Wednesday, February 20, 2013

beer column


in case you missed the show last night
here are my notes from my beer column on cbc radio 1's on the coast with stephen quinn:

On February 8th the Provincial Government announced revisions to the liquor laws of British Columbia.  The nine changes all sound like solid decisions that will boost the economy and keep liquor producers, vendors and consumers happy.  Two of these changes to the laws are of particular interest to the craft beer community and are causing springs in steps and big smiles on beer lovers' faces.
 
Past liquor laws in this province, often maligned as archaic, did not generally allow for breweries to have on-site tasting rooms, nor did they allow breweries owned by the same parties as restaurants or pubs to have their beers carried in those restaurants or pubs.  This latter rule was referred to as the tied-house rule.  At first blush it may sound backwards to not allow a pub owned by the same people as a brewery to be allowed to carry their own beer, but there was a purpose to the tied-house law.  The law was in place to keep the market open and prevent a monopoly.  It meant that one mega-brewery was prevented from buying up pubs and restaurants and selling only their own products there, severely restricting consumer choice, particularly in smaller communities.  So, now that that law has been changed, are we in for a loss of consumer choice come March 1st?
 

I don't think so.  I think that Energy and Mines Minister Rich Coleman and the rest of the cabinet has listened to CAMRA and other advocacy groups as well as the brewers themselves and come up with a plan that loosens up restrictions sufficiently to open up the beer market without allowing for monopolies and unfair practices.  The tied-house rule has not been stricken from the books entirely.  It has been changed to  "Small- and medium-sized liquor manufacturers will be allowed up to three common ownership and business relationships with licensed establishments located off their manufacturing site."  Which means that a small or medium sized brewery may have a financial relationship with up to 3 retail level licensees (e.g. bar, restaurant, private liquor store, caterer). Exempted retail level licensees would have to offer a "range of products" from other manufacturers along with the "tied house product". Meaning that the big boys are left out entirely from being allowed to sell their beers in pubs or restaurants that they own, and medium-sized breweries can't buy up a bunch of the pubs in town and only sell their products there.  This may sound like a bit of a far-fetched concern, I mean who wants to go to a pub that only offers one beer?  But if you look at how many labels some of the big conglomerates now own, folks other than beer geeks might be hard-pressed to notice that the 20 beers on tap all come from one mega-company (the two biggest beer companies on the planet - AB InBev and SABMiller - now own more than 200 brands based in 42 countries).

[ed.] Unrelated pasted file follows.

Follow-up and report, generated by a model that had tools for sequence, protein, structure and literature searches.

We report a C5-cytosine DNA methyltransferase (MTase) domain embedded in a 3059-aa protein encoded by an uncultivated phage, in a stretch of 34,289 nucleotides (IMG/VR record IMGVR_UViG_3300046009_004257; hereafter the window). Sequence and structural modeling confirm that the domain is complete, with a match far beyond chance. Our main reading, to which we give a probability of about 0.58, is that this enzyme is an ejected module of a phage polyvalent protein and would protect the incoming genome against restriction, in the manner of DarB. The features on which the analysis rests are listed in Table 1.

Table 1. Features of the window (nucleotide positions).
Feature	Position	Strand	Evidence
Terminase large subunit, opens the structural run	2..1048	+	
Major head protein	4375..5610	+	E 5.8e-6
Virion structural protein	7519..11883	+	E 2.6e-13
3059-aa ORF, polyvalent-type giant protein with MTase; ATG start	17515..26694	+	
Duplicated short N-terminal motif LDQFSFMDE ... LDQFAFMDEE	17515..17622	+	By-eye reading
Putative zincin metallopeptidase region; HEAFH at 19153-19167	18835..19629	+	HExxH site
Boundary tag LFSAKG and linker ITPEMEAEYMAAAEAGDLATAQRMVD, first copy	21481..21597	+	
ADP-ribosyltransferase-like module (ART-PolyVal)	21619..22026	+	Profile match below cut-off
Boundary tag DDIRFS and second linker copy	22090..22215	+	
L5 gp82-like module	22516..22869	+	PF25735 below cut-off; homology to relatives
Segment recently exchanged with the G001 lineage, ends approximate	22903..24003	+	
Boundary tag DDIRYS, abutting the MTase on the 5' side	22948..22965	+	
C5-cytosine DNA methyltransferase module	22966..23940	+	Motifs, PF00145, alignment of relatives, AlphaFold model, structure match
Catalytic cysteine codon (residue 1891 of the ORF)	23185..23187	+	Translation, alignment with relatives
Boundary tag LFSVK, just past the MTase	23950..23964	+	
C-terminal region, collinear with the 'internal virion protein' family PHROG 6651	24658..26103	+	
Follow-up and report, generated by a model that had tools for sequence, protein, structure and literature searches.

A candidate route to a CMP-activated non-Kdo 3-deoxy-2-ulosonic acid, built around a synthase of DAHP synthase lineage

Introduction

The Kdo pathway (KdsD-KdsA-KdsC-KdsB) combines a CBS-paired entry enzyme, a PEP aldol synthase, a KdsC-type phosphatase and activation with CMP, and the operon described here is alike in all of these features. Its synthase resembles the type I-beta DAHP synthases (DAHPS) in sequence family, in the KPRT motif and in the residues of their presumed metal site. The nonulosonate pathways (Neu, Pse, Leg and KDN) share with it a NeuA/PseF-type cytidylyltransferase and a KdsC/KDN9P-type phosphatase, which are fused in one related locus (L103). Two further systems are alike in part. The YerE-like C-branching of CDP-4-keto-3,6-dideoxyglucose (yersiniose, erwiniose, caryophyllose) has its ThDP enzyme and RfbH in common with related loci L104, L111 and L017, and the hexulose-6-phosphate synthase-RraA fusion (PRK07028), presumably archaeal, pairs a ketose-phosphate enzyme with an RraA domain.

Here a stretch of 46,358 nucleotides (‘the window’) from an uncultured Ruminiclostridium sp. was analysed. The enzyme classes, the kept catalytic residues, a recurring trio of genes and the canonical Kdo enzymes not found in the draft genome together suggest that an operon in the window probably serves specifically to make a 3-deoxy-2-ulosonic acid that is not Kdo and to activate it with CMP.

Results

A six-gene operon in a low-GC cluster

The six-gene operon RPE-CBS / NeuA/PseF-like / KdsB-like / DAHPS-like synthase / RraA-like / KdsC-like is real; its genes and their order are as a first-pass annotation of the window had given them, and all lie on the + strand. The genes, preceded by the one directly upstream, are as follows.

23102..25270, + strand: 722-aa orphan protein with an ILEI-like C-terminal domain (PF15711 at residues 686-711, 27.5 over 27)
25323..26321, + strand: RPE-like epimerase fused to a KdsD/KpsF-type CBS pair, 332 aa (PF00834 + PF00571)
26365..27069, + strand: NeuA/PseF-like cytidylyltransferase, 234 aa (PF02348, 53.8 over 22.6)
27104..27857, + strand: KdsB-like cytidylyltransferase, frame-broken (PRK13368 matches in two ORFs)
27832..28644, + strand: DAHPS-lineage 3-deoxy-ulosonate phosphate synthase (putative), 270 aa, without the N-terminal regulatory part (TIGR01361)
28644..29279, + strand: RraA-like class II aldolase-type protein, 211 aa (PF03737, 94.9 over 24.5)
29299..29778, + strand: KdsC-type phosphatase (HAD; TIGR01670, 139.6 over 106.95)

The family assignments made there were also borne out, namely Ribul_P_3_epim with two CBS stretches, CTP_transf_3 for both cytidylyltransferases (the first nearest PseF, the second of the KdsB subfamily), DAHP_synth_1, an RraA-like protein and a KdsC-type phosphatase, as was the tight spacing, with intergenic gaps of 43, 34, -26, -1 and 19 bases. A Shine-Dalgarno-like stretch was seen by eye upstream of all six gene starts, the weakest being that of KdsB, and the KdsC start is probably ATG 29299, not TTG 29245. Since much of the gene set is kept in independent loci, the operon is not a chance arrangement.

So what? you might ask.  If they don't notice, is it really restricting choice?  Perhaps not immediately, but it certainly is restricting the market and it makes it harder for smaller local companies to get their feet in the door.  Those breweries would have to either buy their own pubs and restaurants to sell their beers in or pin all their hops on independent pubs and restaurants being willing to carry their beers.  I am all for people choosing to drink mainstream beers.  If you like it, why not?  Obviously people like those beers if their brewers are so successful.  But I want to be able to try a broader selection of products, and I prefer to find local products.  And I am not alone!  The new tied-house rule will ensure that you get to drink what you like and so do I.  And that mainstream beer drinkers have the opportunity to try other beers at their local watering hole.  Beers they might just like!  

It also means that now St. Augustine's can use a few of their 40 rotating taps to serve Parallel 49 brews, and that the Alibi Room will be able to use some of their rotating taps to serve Brassneck brews once that brewery is up and running.  Steamworks will be allowed to provide beer to both existing Rogue locations, and the new one when it opens; and Main Street Brewery will be able to supply beer to the Cascade Room.  Anthony Frustragli, one of the owners of St. Augustine's and Parallel 49 says: "We look forward to sharing the beers which we so carefully craft at Parallel 49 with our valued customers at St. Augustine's."    Mark James, owner of the Mark James Group brewpubs (including Yaletown, Big Ridge and Whister) is happy about the changes.  Now his brewpubs and restaurants can sell Red Truck Beer as well, a brewery also owned by him:  “We have long-wanted the freedom to include our portfolio of B.C.-brewed, award-winning beer and premium spirits with those products of different suppliers in our liquor primary and food primary licensed establishments.